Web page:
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Local churches take stance on same-sex marriage
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Friday's Supreme Court ruling on same-sex marriage drew both jeers and cheers, and was followed by ministers across the state taking the issue to the pulpit on Sunday morning.

"Our stand is that we exist to spread the gospel of Jesus Christ...and that's what we'll continue to do," Pastor Don Allen told his congregation at Church @ War Hill.

"We choose to stand on all issues on the word of Jesus Christ."

In his sermon, Allen pointed to scripture declaring that "Jesus Christ clearly laid out a definition of marriage" as that of a man and a woman.

The church released an official statement on the ruling.

"We choose to love. We will love God with all our heart, soul, mind and strength. Jesus was clear you can only love God when you live in obedience to God's commands," the statement read. "We will love others as ourselves. We will encourage, support and invite others to join us in our pursuit of grace that empowers us to live holy lives."

On Monday, he added: "We welcome everyone in our church."

The hotly debated issue was also a topic of discussion among the leaders of Grace Presbyterian Church.

"As for same sex weddings, our denomination, The Presbyterian Church (USA), allows churches to permit such ceremonies," said Pastor David Jordan. "However, the approval for each individual wedding (gay or straight) conducted in local churches is still granted exclusively by the ruling elders of each local congregation."

The church's six ruling elders made a decision not to grant approval for same sex weddings performed in the building at the intersection of Hwys. 53 and 9 in downtown Dawsonville

"In PC(USA) churches, ruling elders are the sole authority for each policy decision of the local church, regardless of the position of the national denomination," he said. "Therefore, as pastor of our church, I will not be conducting same sex ceremonies, as the session of Grace Presbyterian Church is opposed to such, and I serve under their authority and with their blessing."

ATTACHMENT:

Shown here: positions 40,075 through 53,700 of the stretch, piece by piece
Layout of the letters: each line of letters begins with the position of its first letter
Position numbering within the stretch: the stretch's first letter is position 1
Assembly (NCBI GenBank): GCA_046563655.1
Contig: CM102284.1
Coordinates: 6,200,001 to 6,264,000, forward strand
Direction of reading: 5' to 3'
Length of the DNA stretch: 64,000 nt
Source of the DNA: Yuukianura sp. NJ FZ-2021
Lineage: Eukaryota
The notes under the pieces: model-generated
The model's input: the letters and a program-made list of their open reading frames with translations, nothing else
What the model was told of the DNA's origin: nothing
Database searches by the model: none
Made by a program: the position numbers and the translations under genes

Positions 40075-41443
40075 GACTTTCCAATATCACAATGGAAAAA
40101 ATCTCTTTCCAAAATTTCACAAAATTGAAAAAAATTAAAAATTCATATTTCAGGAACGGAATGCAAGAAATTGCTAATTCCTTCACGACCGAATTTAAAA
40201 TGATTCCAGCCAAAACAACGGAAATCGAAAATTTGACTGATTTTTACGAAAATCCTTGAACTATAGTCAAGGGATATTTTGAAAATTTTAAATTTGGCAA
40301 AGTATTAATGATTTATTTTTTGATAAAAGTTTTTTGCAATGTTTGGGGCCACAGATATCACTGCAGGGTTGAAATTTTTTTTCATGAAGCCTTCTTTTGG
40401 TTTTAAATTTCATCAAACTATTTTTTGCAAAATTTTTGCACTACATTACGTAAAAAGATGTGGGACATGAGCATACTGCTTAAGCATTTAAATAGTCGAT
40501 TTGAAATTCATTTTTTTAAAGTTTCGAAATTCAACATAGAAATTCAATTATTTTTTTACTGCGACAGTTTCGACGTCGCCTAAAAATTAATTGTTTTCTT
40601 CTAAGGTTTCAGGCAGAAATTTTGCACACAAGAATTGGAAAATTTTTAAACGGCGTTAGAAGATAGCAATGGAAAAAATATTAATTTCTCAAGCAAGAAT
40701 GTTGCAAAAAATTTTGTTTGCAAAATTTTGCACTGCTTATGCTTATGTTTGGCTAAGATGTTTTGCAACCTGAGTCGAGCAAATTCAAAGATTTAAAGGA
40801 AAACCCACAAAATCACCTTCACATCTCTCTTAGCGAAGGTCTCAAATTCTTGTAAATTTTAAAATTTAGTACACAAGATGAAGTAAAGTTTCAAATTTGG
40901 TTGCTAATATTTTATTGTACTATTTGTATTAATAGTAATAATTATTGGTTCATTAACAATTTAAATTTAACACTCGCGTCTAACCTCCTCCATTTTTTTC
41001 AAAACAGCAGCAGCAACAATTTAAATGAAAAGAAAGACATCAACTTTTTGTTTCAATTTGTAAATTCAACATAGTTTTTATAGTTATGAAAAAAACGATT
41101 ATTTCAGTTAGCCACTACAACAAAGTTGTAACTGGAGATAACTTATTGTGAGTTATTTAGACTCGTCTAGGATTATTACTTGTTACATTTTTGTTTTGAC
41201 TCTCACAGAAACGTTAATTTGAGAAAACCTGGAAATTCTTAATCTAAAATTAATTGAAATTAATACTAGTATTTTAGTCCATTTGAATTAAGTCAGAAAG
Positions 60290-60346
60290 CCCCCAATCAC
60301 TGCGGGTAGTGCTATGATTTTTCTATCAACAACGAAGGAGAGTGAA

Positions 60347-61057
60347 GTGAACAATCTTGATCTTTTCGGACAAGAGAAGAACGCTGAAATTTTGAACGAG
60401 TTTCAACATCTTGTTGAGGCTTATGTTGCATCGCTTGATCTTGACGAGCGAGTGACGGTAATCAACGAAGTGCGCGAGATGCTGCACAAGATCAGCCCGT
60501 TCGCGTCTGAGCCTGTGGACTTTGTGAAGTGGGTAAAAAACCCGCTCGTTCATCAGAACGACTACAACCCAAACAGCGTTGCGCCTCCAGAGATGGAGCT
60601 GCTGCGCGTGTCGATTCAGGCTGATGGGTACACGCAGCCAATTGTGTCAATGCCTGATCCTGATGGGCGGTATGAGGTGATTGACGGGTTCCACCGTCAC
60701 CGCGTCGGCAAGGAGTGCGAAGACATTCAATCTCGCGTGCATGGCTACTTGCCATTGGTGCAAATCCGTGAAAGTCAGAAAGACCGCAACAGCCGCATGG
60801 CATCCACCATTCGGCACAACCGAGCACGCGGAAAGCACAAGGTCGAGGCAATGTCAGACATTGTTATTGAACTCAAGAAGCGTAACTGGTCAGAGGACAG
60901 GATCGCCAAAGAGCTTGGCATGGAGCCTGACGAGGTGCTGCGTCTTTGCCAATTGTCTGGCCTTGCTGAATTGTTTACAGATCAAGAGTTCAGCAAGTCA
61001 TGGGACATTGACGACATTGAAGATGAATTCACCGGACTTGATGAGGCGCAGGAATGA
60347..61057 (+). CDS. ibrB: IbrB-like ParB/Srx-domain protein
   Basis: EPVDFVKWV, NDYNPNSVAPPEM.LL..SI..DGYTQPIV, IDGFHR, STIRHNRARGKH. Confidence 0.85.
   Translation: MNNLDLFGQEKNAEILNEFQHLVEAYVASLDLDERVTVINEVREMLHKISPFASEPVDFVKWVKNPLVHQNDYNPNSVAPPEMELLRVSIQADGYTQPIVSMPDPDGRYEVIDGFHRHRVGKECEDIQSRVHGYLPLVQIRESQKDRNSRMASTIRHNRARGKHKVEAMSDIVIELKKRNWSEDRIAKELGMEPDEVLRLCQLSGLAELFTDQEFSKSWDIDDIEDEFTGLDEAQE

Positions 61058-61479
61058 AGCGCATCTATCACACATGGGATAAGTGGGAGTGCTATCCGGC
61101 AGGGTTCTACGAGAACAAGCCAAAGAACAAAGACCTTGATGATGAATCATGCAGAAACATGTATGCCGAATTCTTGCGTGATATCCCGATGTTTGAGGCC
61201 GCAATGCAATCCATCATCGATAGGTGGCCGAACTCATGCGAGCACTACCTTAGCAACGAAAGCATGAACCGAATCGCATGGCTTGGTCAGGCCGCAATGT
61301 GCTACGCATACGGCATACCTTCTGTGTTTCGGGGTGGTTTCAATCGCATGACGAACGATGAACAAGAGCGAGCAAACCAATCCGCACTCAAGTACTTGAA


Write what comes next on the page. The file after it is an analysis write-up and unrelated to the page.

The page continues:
It is the hope at Grace Presbyterian that believers in Jesus Christ, "regardless of their position on this contentious issue, will show grace and compassion to their Christian sisters and brothers, who may have a different opinion," according to Jordan.

"We believe that we can achieve unity, even where we do not have uniformity of belief," he said. "Kindness, compassion and a willingness to listen and understand each other, even when we disagree thoroughly, will enable devout followers of Christ on both sides of this debate to continue serving our Lord as we attempt to reach the world with the gospel."

The Supreme Court ruled 5-4 in the case of Obergefell v. Hodges, immediately enacting legal marriage of any two people in any state, with marriages that were performed in another state being recognized everywhere else.

The outcome of Friday's decision is the culmination of two decades of Supreme Court litigation over marriage, and gay rights generally.

There are an estimated 390,000 married same-sex couples in the United States, according to UCLA's Williams Institute, which tracks the demographics of gay and lesbian Americans.

Another 70,000 couples living in states that do not currently permit them to wed would get married in the next three years, the institute says.

The ruling impacts residents' ability to marry and receive spousal benefits, such as health insurance and end-of-life decisions, but does not impact private business or statewide equal employment laws or any religious freedom laws.

Probate Judge Jennifer Burt said her office, which processes marriage licenses in Dawson County, has prepared new application forms in which bride and groom have been replaced with applicant 1 and applicant 2.

"We do have the proper form in place. The administrative process will be the same as the law requires," she said.

As of Tuesday, "no one has applied for a same sex marriage license" in Dawson County, according to Burt.

A statement from Georgia Attorney General Sam Olens reiterated the following to local governments that issue marriage licenses: "Georgia will follow the law and adhere to the ruling of the court."

"In our system of government, the Supreme Court bears the ultimate responsibility for determining the constitutionality of our laws. Once the Supreme Court has ruled it, its order is the law of the land," Olens stated.

DCN regional staff contributed to this story.